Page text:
woman in boyshorts holding a pregnancy test with two faint lines

3 Reasons You're Getting a Faint Line on your Home Pregnancy Test

Whether you’ve been trying to make a baby or not, if you have early symptoms of pregnancy you’re going to be tempted to hit the drugstore and buy a home pregnancy test.

So, you drink some water and hit the bathroom with your pregnancy test. You follow the directions, wait the appropriate amount of time and with shaking hands you look at the test for your result.

But to your surprise:


It’s an extremely faint line on your pregnancy test. Like, barely visible. 



So of course you hop online and look for pictures of faint line positive pregnancy tests so you can compare yours, right? And you may drive yourself crazy trying to decide whether or not you’re pregnant.

Girl, I totally get it! I’ve been pregnant four times so I know how badly you need to know an answer right now.

But here’s the thing:

If the line is very faint, there may be a few reasons why:

Woman holding a white and blue pregnancy test

1) You’re Pregnant

A faint line on a test may mean that you are, in fact, pregnant. Some women find a strong line on their home pregnancy test and others find it hard to see a second line at all. 

The moment you become pregnant your body starts to make human chorionic gonadotropin (hCG) 

The further along in your pregnancy, the more hCG your body makes. Home pregnancy tests are made to detect hCG in your urine. If you don’t have a lot of hCG in your pee, the test can’t detect it very well. In this case, a faint line would likely mean that you are pregnant, but probably very early along. 



Human Chorionic Gonadatropin (hGC) by the Week

Here’s a breakdown of the hCG present in an average pregnancy by weeks.

These are measured in milli-international units per millilitre of blood (mIU/mL):


3 weeks pregnant: 5 - 50 
4 weeks pregnant: 5 - 426 
5 weeks pregnant: 18 - 7,340 
6 weeks pregnant: 1,080 - 56,500 
7-8 weeks pregnant: 7,650 - 229,000 
9-12 weeks pregnant: 25,700 - 288,000 
13-16 weeks pregnant: 13,300 - 254,000 


When you see how much and how fast your hCG levels increase during the first few weeks, you can see how hard it may be for a home pregnancy test to detect whether or not you’re pregnant, right?

What to do: re-test using a home pregnancy test in a week or ask your doctor for a pregnancy test using your blood.


2) You Were Pregnant, But Aren’t Anymore.

This can be a hard one: an early pregnancy loss can mean that your levels of hCG did increase while you were pregnant. Like I said above, as soon as you become pregnant your body starts to produce the hormone hCG. 

You may feel confused because your period was very late and now you’re experiencing symptoms of your period, but your pregnancy test has a very faint line. This is because your body hasn’t had the chance to get rid of the excess hCG just yet. So, if you take the home pregnancy test while you’re having your period, you may be experiencing a very early miscarriage.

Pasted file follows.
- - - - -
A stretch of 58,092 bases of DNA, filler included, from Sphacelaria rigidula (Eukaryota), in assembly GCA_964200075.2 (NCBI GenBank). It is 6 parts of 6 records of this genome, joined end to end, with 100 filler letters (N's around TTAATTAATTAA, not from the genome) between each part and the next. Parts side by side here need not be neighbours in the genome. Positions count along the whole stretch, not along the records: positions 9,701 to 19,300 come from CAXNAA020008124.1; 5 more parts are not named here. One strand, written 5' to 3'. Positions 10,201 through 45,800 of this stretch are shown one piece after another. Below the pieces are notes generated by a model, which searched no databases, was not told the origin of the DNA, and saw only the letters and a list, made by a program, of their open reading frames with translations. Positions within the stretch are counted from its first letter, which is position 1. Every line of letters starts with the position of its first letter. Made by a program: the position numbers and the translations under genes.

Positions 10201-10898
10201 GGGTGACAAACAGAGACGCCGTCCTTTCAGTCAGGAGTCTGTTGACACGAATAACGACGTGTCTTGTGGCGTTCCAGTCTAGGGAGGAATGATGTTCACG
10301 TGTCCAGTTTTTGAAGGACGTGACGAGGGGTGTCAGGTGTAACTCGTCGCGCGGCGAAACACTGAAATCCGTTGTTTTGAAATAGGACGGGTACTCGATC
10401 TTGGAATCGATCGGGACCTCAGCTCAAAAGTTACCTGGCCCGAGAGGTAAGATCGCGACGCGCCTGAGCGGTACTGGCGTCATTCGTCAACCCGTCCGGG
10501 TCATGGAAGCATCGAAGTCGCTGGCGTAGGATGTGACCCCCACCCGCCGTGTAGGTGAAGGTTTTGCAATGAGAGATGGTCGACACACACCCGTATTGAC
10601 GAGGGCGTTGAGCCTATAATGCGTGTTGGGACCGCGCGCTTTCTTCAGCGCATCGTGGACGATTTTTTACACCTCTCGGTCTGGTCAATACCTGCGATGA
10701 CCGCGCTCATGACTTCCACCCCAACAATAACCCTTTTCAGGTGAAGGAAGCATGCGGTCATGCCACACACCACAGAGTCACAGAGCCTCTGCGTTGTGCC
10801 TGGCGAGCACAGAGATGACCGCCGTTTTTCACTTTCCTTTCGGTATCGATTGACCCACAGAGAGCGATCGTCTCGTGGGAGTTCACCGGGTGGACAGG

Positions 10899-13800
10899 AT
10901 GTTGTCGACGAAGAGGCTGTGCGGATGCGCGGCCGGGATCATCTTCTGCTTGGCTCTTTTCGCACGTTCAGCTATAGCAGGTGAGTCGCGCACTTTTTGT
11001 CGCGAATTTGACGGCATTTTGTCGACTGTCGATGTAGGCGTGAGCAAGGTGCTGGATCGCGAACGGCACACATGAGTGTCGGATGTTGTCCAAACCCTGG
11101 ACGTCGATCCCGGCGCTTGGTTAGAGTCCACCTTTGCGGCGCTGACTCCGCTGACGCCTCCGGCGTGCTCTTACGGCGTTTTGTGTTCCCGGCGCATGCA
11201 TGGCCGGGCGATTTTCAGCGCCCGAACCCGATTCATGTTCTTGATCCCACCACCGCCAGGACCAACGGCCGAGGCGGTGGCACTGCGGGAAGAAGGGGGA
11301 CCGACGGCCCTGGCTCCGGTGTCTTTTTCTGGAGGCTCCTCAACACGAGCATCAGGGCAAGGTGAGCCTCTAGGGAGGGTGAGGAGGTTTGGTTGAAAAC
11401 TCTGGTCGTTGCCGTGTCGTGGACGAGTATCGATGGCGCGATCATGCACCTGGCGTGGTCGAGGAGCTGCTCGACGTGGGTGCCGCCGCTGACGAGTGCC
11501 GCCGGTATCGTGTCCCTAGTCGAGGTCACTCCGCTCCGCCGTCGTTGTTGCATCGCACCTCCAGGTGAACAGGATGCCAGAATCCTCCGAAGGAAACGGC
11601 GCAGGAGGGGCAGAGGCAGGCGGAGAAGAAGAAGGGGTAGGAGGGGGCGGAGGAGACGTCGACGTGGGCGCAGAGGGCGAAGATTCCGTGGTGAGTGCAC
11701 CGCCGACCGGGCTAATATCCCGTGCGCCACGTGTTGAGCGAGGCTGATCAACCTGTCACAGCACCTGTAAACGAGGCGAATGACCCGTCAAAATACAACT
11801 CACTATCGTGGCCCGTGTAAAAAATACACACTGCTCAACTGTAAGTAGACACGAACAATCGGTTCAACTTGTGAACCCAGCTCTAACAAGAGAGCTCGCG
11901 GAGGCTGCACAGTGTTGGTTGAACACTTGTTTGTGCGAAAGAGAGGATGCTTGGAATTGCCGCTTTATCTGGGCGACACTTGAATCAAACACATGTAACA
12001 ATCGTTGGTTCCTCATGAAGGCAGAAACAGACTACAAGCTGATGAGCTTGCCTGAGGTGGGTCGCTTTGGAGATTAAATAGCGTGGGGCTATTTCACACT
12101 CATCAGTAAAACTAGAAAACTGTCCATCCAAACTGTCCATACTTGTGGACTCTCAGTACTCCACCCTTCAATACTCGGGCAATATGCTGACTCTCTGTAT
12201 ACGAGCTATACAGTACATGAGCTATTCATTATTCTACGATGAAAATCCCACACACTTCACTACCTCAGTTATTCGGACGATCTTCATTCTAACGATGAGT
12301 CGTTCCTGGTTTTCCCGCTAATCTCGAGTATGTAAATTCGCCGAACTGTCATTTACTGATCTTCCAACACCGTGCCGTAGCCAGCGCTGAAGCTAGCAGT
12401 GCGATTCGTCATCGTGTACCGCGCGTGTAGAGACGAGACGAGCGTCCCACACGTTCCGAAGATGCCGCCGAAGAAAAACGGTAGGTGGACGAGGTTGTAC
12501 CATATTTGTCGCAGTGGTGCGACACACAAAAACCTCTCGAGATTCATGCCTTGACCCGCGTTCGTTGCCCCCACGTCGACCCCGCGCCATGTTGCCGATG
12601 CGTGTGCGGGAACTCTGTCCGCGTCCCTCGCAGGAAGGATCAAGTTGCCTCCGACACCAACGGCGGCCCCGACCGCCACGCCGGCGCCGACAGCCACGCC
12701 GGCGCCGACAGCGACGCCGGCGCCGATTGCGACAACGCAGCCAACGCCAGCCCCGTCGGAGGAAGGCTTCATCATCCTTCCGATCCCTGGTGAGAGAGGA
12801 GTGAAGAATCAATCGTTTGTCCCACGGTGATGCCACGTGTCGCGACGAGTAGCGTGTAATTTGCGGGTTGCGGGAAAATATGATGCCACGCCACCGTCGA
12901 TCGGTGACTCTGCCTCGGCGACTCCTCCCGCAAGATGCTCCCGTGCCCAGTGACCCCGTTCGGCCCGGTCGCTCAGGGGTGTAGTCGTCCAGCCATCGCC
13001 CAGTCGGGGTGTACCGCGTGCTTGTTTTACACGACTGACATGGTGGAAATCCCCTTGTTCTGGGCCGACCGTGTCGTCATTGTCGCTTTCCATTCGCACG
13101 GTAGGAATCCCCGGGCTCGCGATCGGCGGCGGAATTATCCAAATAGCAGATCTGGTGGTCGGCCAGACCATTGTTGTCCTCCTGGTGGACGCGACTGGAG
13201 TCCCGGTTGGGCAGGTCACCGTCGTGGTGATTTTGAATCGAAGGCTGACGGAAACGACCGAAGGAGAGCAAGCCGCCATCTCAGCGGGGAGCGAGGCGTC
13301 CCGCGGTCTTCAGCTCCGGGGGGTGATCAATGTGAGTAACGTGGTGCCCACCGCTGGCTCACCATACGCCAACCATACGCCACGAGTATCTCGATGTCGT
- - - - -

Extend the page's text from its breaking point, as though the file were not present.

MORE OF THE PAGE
About 50-75 percent of miscarriages are experienced very early in pregnancy and the cause is usually an abnormality with the fertilized egg. Most women who experience an early miscarriage have no problems getting pregnant in the future.

What to do: there generally isn’t a specific treatment for early miscarriage, but you may want to see your doctor.


3) You’re Not Pregnant- Evaporation Line

An evaporation line is caused when your warm urine creates a little bit of evaporation on the stick and it leaves a very faint line. 

It’s really hard to tell the difference between a positive pregnancy line and an evaporation line.

The big difference between the two is that the evaporation line typically appears long after the length of time it takes to get your results. 

What to do: follow the instructions on your test exactly. Once you’ve taken the test and the time limit for reading the results is up, throw the test away. If there’s a faint line and you’re not sure what it means, try another test or wait a week and try again.

Image of home pregnancy test on pink and green background

How to Get the Most Out of your Home Pregnancy Test

The anticipation of finding out whether or not you’re expecting a baby is HUGE. I totally understand that you want some answers as quickly as possible.

Here are five things you can do to try to get the most accurate reading as possible!

  • Wait until your period is 7 days late

  • Take the test first thing in the morning when your urine is most concentrated

  • Follow the instructions as closely as possible

  • If you took the test and didn’t read the results within the time frame suggested (most are 3-5 minutes), throw the test away and try another one

  • If you’ve tested and there was a very faint line, wait 3 days and retest.


If you want to talk to someone about your pregnancy test, check out MamaSoup, the online community just for moms.

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